Procurement Authority and Policy

Military food items are procured in accordance with the provisions of the Berry Amendment and the Buy American Act (BAA).6 The Berry Amendment [Title 10, United States Code (U.S.C.), Section 2533a] requires DOD to give preference to the procurement of domestically produced, manufactured, or home grown products, notably food, clothing, fabrics, and specialty metals.7 The Berry Amendment is referenced in the Defense Federal Acquisition Regulation Supplement (DFARS), Part 225.7002, as described below.

Unless a specific exception in law applies, the products, components, or materials listed below must be grown, reprocessed, reused, or produced in the United States if they are purchased with funds made available (not necessarily appropriated) to DoD. Except for manufactured or processed food, and chemical warfare protection clothing as explained in DFARS 225.7002-2 "Exceptions", this applies to prime contractors and subcontractors at any tier.8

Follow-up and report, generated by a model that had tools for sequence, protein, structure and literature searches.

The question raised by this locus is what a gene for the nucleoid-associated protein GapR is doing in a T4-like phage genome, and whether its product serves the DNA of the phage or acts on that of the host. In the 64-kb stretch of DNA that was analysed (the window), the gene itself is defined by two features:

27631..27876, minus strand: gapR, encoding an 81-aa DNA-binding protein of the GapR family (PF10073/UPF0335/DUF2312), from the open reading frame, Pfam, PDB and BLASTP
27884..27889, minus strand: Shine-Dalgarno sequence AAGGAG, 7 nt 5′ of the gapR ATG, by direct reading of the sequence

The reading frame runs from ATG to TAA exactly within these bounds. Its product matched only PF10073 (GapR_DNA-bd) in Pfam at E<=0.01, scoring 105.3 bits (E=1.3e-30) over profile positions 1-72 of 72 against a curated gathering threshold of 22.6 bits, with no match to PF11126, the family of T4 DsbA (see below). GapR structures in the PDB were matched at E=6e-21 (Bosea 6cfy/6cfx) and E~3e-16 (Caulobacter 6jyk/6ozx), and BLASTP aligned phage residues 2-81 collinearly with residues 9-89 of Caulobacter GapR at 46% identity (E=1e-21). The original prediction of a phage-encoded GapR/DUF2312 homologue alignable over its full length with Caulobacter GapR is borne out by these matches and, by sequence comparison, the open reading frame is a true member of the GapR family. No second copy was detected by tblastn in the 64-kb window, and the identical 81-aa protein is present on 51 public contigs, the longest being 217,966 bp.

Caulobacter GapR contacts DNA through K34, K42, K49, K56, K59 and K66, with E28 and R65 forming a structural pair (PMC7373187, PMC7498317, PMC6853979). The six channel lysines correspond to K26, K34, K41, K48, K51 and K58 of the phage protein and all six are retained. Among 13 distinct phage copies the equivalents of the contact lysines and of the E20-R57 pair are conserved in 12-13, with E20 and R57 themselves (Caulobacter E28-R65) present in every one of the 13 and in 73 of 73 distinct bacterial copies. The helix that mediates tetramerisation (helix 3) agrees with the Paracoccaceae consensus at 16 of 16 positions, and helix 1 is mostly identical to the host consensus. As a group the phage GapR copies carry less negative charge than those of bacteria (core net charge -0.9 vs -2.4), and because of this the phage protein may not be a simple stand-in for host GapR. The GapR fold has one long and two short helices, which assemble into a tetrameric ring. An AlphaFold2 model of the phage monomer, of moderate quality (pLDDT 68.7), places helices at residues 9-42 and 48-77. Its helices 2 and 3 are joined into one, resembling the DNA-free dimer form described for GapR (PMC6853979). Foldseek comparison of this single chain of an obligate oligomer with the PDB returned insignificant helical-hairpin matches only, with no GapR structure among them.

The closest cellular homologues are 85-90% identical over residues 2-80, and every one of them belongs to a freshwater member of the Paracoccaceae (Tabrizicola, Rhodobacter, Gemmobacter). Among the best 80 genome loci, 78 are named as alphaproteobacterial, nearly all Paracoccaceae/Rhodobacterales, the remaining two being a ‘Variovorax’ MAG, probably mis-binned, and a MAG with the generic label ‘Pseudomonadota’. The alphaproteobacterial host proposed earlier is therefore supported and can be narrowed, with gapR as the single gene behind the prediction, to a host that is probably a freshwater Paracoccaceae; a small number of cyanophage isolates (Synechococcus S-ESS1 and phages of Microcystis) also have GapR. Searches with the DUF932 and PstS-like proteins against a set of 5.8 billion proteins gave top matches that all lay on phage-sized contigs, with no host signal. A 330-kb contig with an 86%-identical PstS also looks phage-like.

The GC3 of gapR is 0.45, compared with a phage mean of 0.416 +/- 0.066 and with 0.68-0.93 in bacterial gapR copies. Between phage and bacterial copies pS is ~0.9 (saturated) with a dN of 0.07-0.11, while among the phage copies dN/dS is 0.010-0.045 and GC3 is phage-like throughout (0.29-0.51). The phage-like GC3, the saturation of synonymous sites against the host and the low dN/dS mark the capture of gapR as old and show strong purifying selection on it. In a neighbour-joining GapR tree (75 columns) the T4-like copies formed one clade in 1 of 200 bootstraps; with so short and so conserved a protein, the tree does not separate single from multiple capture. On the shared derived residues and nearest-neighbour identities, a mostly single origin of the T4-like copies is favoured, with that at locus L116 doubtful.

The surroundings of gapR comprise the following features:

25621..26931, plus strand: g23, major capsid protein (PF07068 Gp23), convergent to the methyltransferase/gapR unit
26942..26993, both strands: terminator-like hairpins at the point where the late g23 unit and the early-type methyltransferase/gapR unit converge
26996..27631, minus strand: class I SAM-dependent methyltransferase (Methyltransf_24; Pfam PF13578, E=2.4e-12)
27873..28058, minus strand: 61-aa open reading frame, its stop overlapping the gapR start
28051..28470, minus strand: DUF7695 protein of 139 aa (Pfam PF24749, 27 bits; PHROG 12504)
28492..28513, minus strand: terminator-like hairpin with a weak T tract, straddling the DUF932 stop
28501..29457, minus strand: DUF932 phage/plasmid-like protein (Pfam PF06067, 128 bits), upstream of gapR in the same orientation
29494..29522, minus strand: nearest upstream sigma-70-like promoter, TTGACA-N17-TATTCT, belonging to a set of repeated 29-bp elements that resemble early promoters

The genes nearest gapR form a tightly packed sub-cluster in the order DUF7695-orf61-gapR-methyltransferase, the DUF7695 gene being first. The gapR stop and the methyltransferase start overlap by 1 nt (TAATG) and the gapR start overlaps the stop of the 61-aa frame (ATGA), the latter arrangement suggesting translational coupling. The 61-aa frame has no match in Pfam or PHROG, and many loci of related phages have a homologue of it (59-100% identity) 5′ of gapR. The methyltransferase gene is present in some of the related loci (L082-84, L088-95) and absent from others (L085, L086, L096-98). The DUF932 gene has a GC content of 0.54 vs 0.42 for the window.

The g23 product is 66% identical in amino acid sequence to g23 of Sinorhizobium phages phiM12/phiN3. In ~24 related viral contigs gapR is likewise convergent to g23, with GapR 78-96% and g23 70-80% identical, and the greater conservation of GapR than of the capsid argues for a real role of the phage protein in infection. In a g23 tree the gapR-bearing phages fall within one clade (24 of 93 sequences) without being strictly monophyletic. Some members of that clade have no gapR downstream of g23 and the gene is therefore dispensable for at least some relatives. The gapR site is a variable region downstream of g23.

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Current Status of the Military Food Acquisition Process

The various stages of the military food acquisition process are described below:

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From the DSCP customer's perspective, the acquisition process begins with the generation of a product need or requirement. The DSCP customer receives an introductory presentation about the Prime Vendor

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[http://www.dscp.dla.mil/subs/rations/ibp/ibpbrief_files/frame.htm] 10 U.S.C. § 2208.